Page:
Fukushima's Futaba area eyed as banana-planting hub, Tokyo Olympics seen as chance for publicity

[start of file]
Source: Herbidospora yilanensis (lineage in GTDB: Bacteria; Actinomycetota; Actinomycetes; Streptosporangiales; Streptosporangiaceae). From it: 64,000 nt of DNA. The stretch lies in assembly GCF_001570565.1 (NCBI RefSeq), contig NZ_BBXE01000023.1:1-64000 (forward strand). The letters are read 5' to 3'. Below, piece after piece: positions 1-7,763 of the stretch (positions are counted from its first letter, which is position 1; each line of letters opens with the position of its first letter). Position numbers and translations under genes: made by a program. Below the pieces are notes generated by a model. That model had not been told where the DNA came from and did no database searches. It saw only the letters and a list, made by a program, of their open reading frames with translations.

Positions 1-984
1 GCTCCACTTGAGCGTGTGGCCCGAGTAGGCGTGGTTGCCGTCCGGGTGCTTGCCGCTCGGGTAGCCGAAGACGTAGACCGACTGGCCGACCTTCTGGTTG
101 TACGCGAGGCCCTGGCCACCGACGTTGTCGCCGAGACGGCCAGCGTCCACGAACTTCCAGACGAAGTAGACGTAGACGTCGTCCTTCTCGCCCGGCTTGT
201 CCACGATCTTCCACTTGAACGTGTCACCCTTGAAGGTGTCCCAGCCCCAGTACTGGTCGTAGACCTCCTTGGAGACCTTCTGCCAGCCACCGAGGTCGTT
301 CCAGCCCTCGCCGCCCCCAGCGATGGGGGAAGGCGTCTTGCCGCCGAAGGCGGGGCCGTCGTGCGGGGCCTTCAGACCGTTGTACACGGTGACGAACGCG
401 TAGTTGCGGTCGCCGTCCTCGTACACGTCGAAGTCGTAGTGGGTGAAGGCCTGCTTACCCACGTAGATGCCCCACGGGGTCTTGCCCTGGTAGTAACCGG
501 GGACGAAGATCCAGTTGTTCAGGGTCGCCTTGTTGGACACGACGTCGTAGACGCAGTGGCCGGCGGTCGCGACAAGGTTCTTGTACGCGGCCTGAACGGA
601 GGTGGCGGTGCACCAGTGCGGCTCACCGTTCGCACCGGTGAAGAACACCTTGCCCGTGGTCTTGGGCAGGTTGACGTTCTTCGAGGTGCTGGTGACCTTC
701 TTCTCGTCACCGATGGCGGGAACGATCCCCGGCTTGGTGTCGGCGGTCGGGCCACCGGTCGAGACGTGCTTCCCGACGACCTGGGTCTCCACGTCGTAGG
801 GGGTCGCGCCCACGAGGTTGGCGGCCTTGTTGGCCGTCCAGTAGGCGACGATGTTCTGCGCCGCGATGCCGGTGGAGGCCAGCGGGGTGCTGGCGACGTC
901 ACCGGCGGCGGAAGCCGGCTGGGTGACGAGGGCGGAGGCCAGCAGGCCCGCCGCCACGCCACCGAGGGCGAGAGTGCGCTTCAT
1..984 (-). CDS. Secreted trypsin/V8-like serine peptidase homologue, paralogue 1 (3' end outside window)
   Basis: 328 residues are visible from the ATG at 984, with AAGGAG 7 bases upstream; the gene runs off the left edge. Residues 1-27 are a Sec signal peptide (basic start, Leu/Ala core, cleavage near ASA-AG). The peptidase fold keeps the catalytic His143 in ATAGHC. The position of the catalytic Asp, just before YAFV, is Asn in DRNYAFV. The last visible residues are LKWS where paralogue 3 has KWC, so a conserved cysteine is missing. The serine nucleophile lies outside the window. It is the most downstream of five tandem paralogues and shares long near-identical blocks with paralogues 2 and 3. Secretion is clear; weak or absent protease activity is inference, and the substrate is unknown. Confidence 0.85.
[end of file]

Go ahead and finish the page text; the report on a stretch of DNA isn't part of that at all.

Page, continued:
A group of farmers based in Koriyama city, Fukushima Prefecture, is moving to grow bananas in the Futaba district comprising six towns and two villages. JA Fukushima Sakura, a local chapter of the Japan Agricultural Cooperatives (JA) organization, held a briefing session in Koriyama on Jan. 9 to urge prospective banana farmers to participate in the project. The group's plan calls for the district to be developed as a banana production center, establish the tropical fruit as a local specialty brand, help promote the recovery of agriculture devastated by the 2011 nuclear accident at Tokyo Electric Power Co.'s Fukushima Daiichi plant, and draw worldwide attention to post-disaster reconstruction by supplying locally produced bananas during the 2020 Tokyo Olympics and Paralympics. The group is seeking to introduce a special banana species resistant to cold weather, developed by an agricultural corporation in Okayama Prefecture, western Japan. The rare banana variety, based on a "freeze-thaw awakening" method, has been born out of a breed with improved resistance to a cold climate. It features fast growth, taking six to nine months to harvest when it normally requires a year. Another attractive element is that its skin is edible. JA Fukushima Sakura will solicit participation of farmers seeking to resume agriculture in the district or those intending to boost profit by converting paddy fields into other crops. The group is considering beginning experimental planting as early as this year. It also expects to contribute to reducing swollen deserted farmland. According to JA Fukushima Sakura, most bananas distributed in Japan are imports, prompting the group to choose the fruit for cultivation due to the presence of few competing production areas elsewhere in the country, among other reasons. Another factor is the prospect of high prices expected in trading in the market as banana output has plummeted globally in main producer countries such as the Philippines because of a rampant new strain of the Panama disease, a fungus-caused wilt. (Translated by Kyodo News)